Compliance with government health advice has plummeted as lockdown restrictions are eased, a new report by the Central Statistics Office has found. Just three-in-five respondents (59.9%) now rate their personal compliance with current government guidelines as high, down from more than 80% in April. Almost half of respondents reported being very or extremely concerned about other people's compliance with restrictions too.
Women are more likely than men to report higher compliance, too. More than two-thirds of women described their compliance as high, in comparison to 51.2% of men.
As the country reopens, people are concerned about returning to work. Almost one-fifth of respondents are very or extremely concerned about their employer’s ability to provide a safe work environment throughout the pandemic, while one-fifth of those currently working from home said that they don’t have a suitable workspace with adequate equipment.
The social and health impact of the pandemic has varied.
Almost half of female respondents (46.8%) and respondents not working (49.0%) report they have put on weight compared to 37.6% of respondents who are currently working.
CSO Statistician, Eva O’Regan, said: "The findings of the survey serve to highlight how people in Ireland have been impacted by the Covid-19 crisis in terms of their everyday life.
"More than one in five (21.3%) respondents report being very or extremely concerned about their own health in June, a decrease on the April figure of 25.8%.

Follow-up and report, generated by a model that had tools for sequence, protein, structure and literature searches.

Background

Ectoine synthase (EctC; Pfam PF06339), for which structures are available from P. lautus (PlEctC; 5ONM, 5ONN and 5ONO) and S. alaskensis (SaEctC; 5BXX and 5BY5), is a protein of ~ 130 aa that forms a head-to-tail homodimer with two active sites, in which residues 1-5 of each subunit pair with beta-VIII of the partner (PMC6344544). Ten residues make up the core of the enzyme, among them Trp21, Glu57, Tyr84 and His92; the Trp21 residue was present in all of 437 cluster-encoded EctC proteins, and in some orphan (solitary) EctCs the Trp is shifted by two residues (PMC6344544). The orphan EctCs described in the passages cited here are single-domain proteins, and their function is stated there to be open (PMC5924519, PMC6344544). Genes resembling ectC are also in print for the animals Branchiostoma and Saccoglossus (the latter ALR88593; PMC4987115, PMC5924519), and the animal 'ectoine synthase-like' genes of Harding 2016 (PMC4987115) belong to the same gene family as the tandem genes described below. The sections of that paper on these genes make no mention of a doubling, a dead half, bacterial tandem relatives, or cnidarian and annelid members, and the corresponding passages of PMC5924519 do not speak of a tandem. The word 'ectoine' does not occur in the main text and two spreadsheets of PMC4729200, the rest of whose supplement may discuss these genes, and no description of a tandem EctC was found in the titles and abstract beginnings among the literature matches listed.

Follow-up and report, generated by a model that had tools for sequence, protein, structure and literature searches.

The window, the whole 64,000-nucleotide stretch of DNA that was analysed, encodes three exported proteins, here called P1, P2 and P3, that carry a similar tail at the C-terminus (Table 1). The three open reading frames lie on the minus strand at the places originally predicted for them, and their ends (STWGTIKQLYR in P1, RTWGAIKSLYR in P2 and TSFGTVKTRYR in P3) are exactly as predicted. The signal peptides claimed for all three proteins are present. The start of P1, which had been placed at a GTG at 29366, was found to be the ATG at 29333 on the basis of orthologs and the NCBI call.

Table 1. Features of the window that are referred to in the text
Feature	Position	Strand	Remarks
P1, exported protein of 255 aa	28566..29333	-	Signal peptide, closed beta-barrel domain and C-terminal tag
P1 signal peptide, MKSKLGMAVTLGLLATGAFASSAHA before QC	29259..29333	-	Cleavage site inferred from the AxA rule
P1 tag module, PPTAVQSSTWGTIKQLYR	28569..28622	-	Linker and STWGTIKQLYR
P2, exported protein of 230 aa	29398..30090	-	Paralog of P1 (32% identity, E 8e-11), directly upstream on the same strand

"Respondents aged 70 and over saw a 30% drop in the proportion reporting to be very or extremely concerned about their own health, decreasing from 42.5% in April to 29.6% in June – the largest drop amongst all age groups over this period.
"A quarter (24.8%) of respondents with a Healthy BMI report an increase in weight, compared to 44.9% for respondents classified as Overweight, and 55.5% for those classified as Obese."
Seven in ten respondents (70.3%) report no change in their net income since the pandemic hit, while eight in ten respondents (79.8%) say that their expenditure has reduced due to Covid-19 restrictions.
More than half (51.1%) of respondents who had increased income and/or reduced expenditure say that they have saved or intend to save some or all of that additional money. And more than four in ten (46.9%) say that they spent or intend to spend additional money on their homes, 36.3% on their gardens and 26.3% on future holidays.
The results are part of a second round of the Social Impact of Covid-19 Survey of 1,693 individuals.